University of Dundee

Dr. Yogesh Kulathu

Ubiquitin signalling mechanisms
Programme Leader
School of Life Sciences, University of Dundee, Dundee
Full Telephone: 
+44 (0) 1382 388613, int ext 88613


The research goal of my lab is to understand how cellular signal transduction is regulated by the combined influences of ubiquitylation and phosphorylation. We are interested in discovering biological roles of different ubiquitin modifications and studying how cross talk between various posttranslational modifications regulates cellular signalling.  The lab aims to characterize the structural and mechanistic principles underlying allosteric regulation of enzymes by ubiquitylation.

Ubiquitin, a 76 amino acid protein can be covalently attached to substrate proteins by an enzymatic cascade of three different classes of enzymes, namely ubiquitin activating enzymes E1, ubiquitin conjugating enzymes E2 and ubiquitin ligases E3. Protein ubiquitylation can result in substrates being modified with a single ubiquitin, termed monoubiquitylation. Alternatively the seven lysines (Lys6, Lys11, Lys27, Lys29, Lys33, Lys48, Lys63) or the amino terminal methionine (Met1) within ubiquitin can themselves be sites of ubiquitin conjugation to result in the formation of ubiquitin chains. As a result, polyubiquitin chains of eight different linkage types having different topologies can be assembled.

Early work in the 1970s showed that proteins are ubiquitylated with Lys48-linked chains prior to their recognition and degradation by the proteasome. Ubiquitin mediated protein degradation plays a crucial part in many cellular processes such as cell growth, cell-cycle regulation, cellular stress responses, etc. More recently, non-proteolytic roles for ubiquitylation have been uncovered in several processes including cytokine receptor signalling, endocytosis, histone modification and kinase activation. These efforts have been focused largely on two linkage types – Lys63 and Met1 (linear), and very little is known about biological roles for the other five linkages. We now appreciate that ubiquitin chains of different linkage types adopt distinct conformations and to achieve linkage-specific polyubiquitin recognition, binding proteins exploit these structural differences. However, many of these linkage-specific binding proteins or readers of the modification remain to be discovered.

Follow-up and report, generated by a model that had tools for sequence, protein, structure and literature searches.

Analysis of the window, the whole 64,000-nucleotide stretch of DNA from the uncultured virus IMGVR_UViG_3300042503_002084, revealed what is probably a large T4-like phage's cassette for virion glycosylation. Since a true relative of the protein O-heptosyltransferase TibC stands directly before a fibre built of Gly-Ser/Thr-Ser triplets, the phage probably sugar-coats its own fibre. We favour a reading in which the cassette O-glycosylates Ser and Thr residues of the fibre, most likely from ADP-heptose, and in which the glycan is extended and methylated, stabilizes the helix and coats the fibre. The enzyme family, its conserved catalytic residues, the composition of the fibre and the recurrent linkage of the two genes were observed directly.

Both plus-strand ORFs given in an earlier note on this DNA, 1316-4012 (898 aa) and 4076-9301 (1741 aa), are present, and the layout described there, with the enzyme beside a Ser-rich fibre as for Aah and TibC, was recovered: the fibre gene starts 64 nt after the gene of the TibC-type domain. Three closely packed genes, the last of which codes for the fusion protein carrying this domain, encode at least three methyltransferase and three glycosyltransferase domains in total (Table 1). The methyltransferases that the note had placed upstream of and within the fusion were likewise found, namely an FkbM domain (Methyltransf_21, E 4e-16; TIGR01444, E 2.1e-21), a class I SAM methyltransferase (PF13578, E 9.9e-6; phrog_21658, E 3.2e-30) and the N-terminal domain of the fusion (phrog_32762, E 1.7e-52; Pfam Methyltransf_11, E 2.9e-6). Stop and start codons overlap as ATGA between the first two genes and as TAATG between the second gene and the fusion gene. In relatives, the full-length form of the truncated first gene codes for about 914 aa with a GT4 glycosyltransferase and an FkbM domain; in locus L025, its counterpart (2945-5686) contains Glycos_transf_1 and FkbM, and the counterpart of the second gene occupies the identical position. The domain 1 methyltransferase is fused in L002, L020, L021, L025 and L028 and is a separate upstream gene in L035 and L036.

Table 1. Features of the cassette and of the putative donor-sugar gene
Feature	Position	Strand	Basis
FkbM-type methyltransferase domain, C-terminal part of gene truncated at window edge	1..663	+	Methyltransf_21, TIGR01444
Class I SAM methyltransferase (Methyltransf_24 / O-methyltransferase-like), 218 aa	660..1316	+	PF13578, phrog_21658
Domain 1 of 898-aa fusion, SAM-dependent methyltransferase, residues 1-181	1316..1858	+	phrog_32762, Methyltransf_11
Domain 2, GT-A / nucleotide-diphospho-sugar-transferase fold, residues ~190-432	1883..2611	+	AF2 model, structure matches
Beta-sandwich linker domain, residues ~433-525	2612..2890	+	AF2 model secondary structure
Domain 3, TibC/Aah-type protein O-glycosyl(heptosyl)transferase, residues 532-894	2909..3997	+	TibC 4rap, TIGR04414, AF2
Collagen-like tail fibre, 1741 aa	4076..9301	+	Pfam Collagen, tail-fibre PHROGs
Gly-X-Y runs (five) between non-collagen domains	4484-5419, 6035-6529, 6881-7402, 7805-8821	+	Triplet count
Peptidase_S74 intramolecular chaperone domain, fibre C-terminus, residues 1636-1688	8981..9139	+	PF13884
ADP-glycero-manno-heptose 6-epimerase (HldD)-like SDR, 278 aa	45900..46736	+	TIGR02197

Research on uncovering roles for these unstudied linkages has been hampered largely by a limitation in the availability of tools to probe the ubiquitin system. Further, enzymes that regulate ubiquitylation and substrates that get ubiquitylated are poorly characterized. Deubiquitinases (DUBs) that reverse ubiquitylation are key regulators of the ubiquitin system and how these enzymes are recruited to specific ubiquitylated substrates and how DUB activity is modulated is also an area yet to be explored.

We are particularly interested in uncovering ubiquitin-dependent signalling nodes in lymphocytes where the roles for ubiquitylation in adaptive immune responses are poorly characterized. We also aim to study how signalling enzymes are modulated allosterically by ubiquitylation. Mechanistic understanding of how PTMs allosterically regulate kinases and DUBs is a long-term research goal of my lab.